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Published Date: April 2, 2014

Published Date: April 2, 2014

Featured Articles

Featured Articles

The Selling and Buying of Souls (Part 1)

Have you ever had an experience in which you started to read a book, confident that you knew the subject matter well, only to realize how completely illiterate you were about the subject? This is what happened to me about three years ago when I read In Our Backyard: A Christian Perspective on Human Trafficking in the United States, written by my long-time friend, Nita Belles. I knew Nita was writing about human trafficking, which I assumed only took place in under-developed countries. Reading further, the shock of my naïveté was quickly replaced by sadness and disgust as I learned about the horrific things that are happening to human beings not only around the world, but in every area of the United States. Human souls are bought and sold as if they were garments, shoes, or food. These egregious acts of entrapment are slavery, pure and simple. The victims lose their dignity, their freedom, and in some cases, their lives.

I realized that if I was ignorant about human trafficking in the U.S., then so were others. I started sending Nita emails with ideas about how to make greater numbers of people aware of human trafficking. Nita asked me if I would be willing to help her with her efforts. I told her I would have to pray about her request, because if God was not in it, my work would not bear fruit. After about a week of heartfelt prayer, I sensed the Lord opened the door.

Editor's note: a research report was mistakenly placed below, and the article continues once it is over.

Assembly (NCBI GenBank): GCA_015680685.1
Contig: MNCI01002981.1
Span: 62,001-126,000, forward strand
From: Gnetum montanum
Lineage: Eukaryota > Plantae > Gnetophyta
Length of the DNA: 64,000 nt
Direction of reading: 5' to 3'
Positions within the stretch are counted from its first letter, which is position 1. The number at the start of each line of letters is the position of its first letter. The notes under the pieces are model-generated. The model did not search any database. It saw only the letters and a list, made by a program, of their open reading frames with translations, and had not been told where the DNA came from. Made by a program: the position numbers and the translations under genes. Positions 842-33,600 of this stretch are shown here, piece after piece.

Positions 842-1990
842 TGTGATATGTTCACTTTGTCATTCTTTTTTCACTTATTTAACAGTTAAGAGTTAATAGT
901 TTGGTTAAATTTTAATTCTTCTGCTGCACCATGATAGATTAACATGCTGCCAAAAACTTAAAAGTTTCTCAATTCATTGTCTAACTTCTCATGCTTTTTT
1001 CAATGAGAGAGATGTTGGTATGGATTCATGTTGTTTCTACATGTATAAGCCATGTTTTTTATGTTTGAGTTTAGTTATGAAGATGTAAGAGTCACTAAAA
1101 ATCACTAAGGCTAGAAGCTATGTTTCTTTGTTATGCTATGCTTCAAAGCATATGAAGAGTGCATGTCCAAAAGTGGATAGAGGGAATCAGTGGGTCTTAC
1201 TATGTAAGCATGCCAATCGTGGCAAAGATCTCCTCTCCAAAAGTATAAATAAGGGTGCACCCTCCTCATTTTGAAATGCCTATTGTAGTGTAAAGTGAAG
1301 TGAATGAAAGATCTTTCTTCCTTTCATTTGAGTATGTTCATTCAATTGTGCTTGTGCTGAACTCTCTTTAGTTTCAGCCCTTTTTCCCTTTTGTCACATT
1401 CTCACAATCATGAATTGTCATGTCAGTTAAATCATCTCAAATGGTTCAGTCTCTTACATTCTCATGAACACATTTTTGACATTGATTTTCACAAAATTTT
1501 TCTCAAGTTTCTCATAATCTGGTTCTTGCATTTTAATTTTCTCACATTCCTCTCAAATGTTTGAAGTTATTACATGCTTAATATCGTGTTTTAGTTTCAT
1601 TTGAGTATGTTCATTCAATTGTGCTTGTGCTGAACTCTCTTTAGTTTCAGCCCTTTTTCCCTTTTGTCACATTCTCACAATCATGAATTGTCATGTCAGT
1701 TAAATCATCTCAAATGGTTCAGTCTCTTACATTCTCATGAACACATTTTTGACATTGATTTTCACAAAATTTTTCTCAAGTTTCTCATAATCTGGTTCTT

I had a certain amount of trepidation about moving into a world that I knew nothing about. Even so, I stepped out in faith and trusted God to show me what to do.

Since then, as we raise awareness for this cause, I have been able to help Nita:

  • Inform people about the elaborate schemes traffickers use to lure their victims.
  • Help law enforcement officials understand that the majority of those who are called “prostitutes” are actually victims of human trafficking and should not be further victimized by the judicial system.
  • Educate school-aged children, their parents, faculty, and staff about how traffickers can work within our schools to lure students.
  • Help medical personnel spot the signs of human trafficking.
  • Help other organizations and individuals in any way by sharing knowledge and experience.

Some of the things I have learned over these past three years include:

  • God has raised up women and men equally to be leaders in this fight.
  • Traffickers are not respecters of persons. They prey on the weak and strong, the poor and rich. Human life has no value to them. No socio-economic stratum is immune from being targeted. Even children from good Christian homes have ended up in sex-trafficking.
  • The average age of entry in to sex trafficking is 11-14, so middle school aged children are prime targets.
  • One in three runaways is approached within 48 hours of leaving home to be trafficked. They are lured with kind words, a sweet smile, and a promise that they will be provided a better life. The “better life” quickly turns into the worst hell on earth.
  • Women who are trafficked stay because of fear, loss of self-worth, drug addiction, or a sense of hopelessness.
  • Our laws in America are ineffective against many sex traffickers.

Knowledge is power, and we become empowered to be part of the solution when we become educated on the situation. I am a firm believer that every one of us can help end modern slavery in our lifetime.

Read Part 2 of this article here.